DALLAS – Finnair (AY) is to reduce its February schedule by 20% and delay its route network expansions due to the spread of the omicron variant.
Schedule disruptions have become common as the omicron variant of COVID-19 spreads rapidly worldwide. Airlines globally have struggled to keep up with highly elevated levels of infected staff members, with US airlines canceling thousands of flights in recent weeks.
In order to avoid last-minute schedule changes, AY has opted to cancel around 20% of their schedule, giving passengers time to change travel plans.
20% of Flights Cancelled
Most of the disrupted routes have multiple daily flights, including Stockholm, Oslo, Copenhagen, Paris, and Rome, among others.
Speaking on the cancellations, Ole Orvér, Chief Commercial Officer of Finnair, said “Staff sick leave is now significantly impacting Finnair and airports in Finland as well as throughout the world.”
He continued, “We aim to meet these resourcing challenges through the cancellation of flights, to avoid last-minute changes and better manage our customers’ expectations. This will give customers more time to prepare for flight schedule changes and adjust their travel plans if needed.”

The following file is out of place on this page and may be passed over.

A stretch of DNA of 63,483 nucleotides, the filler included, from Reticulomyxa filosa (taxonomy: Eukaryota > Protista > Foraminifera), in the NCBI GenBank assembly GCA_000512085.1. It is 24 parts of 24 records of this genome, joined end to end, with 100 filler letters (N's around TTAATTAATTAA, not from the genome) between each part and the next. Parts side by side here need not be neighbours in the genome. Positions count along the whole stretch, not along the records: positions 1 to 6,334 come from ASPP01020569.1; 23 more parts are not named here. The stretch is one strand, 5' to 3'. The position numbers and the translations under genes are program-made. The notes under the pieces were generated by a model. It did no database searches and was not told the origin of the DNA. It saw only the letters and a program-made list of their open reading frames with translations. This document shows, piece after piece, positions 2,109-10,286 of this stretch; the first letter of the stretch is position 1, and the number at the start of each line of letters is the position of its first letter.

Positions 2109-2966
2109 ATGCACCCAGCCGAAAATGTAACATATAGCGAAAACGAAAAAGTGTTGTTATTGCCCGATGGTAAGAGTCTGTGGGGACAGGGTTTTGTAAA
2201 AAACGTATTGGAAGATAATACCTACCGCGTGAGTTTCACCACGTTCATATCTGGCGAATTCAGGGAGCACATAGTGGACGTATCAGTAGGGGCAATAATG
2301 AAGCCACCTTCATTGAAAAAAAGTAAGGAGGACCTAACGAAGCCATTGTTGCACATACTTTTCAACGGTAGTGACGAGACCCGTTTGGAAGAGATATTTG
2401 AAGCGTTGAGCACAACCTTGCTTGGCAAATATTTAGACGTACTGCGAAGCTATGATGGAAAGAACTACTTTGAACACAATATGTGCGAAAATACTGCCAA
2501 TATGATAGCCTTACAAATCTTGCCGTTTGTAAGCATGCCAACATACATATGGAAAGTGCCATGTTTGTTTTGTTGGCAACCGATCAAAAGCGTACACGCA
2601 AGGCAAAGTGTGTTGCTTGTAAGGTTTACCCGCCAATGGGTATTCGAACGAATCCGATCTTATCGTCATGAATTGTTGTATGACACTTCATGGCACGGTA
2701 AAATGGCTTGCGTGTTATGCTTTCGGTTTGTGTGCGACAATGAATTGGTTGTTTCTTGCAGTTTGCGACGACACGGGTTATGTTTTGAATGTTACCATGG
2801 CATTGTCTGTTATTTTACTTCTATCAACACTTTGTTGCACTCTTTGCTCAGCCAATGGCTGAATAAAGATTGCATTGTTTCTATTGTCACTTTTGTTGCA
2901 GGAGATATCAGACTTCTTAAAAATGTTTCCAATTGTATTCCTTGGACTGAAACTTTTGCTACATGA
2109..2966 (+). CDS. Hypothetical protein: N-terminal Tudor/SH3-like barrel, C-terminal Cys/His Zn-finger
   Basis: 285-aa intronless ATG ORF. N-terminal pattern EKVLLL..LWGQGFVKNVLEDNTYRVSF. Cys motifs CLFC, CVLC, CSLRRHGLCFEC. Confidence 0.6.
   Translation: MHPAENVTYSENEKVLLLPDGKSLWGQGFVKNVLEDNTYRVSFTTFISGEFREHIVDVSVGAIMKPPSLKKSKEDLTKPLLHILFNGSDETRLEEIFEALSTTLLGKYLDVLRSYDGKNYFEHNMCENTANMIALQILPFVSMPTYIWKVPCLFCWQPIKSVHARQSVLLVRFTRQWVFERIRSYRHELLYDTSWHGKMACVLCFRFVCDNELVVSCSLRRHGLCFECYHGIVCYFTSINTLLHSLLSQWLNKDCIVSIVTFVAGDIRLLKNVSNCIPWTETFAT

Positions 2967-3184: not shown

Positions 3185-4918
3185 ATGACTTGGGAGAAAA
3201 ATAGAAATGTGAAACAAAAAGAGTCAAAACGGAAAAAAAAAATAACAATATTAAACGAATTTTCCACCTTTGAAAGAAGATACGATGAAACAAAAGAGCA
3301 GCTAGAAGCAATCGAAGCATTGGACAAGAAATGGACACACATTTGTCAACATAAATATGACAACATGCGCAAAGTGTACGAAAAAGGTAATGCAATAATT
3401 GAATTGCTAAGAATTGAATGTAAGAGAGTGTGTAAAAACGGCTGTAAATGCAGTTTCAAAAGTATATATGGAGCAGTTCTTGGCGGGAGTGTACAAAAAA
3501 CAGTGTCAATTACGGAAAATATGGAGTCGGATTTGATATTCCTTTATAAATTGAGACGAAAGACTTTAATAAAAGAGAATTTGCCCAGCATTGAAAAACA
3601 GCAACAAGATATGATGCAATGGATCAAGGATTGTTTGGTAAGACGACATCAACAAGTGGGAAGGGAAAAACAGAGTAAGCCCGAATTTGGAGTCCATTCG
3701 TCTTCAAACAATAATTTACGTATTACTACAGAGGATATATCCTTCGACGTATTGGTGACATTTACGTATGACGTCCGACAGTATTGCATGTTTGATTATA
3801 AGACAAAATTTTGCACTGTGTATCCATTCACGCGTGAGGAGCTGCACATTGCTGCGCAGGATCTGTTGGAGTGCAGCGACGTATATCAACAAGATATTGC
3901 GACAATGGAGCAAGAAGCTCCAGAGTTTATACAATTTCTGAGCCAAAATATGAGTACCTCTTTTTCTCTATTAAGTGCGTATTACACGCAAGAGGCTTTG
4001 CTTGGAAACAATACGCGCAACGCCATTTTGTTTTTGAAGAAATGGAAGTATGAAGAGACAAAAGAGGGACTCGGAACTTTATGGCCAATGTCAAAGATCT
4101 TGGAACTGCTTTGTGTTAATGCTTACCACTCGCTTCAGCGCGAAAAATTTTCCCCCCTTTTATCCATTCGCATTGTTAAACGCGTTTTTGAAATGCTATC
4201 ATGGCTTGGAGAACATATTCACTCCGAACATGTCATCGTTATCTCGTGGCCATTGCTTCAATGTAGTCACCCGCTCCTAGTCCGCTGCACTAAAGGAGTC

Dallas, Nagoya-Haneda on Hold
The schedule changes have resulted in the delay of AY’s inaugural service to Dallas, which will be moved from February to March 27, 2022.
Additionally, the planned Nagoya flights, as well as added frequencies to Osaka, will be delayed to the summer of 2022. Flights to Singapore will be reduced to twice weekly, while Hong Kong flights will be operated three times weekly.
Dallas will be a crucial new route for AY, as it expands on its connection with Oneworld alliance airlines. With the new Dallas route, passengers will be able to connect through American Airlines’ main hub.
Finnair plans to re-expand in Japan, the airline’s second-largest market, with flights to Nagoya and added frequencies to Osaka.
The airline maintains a strong connection with Japan Airlines (JL), another member of the Oneworld alliance, to connect passengers throughout Japan.
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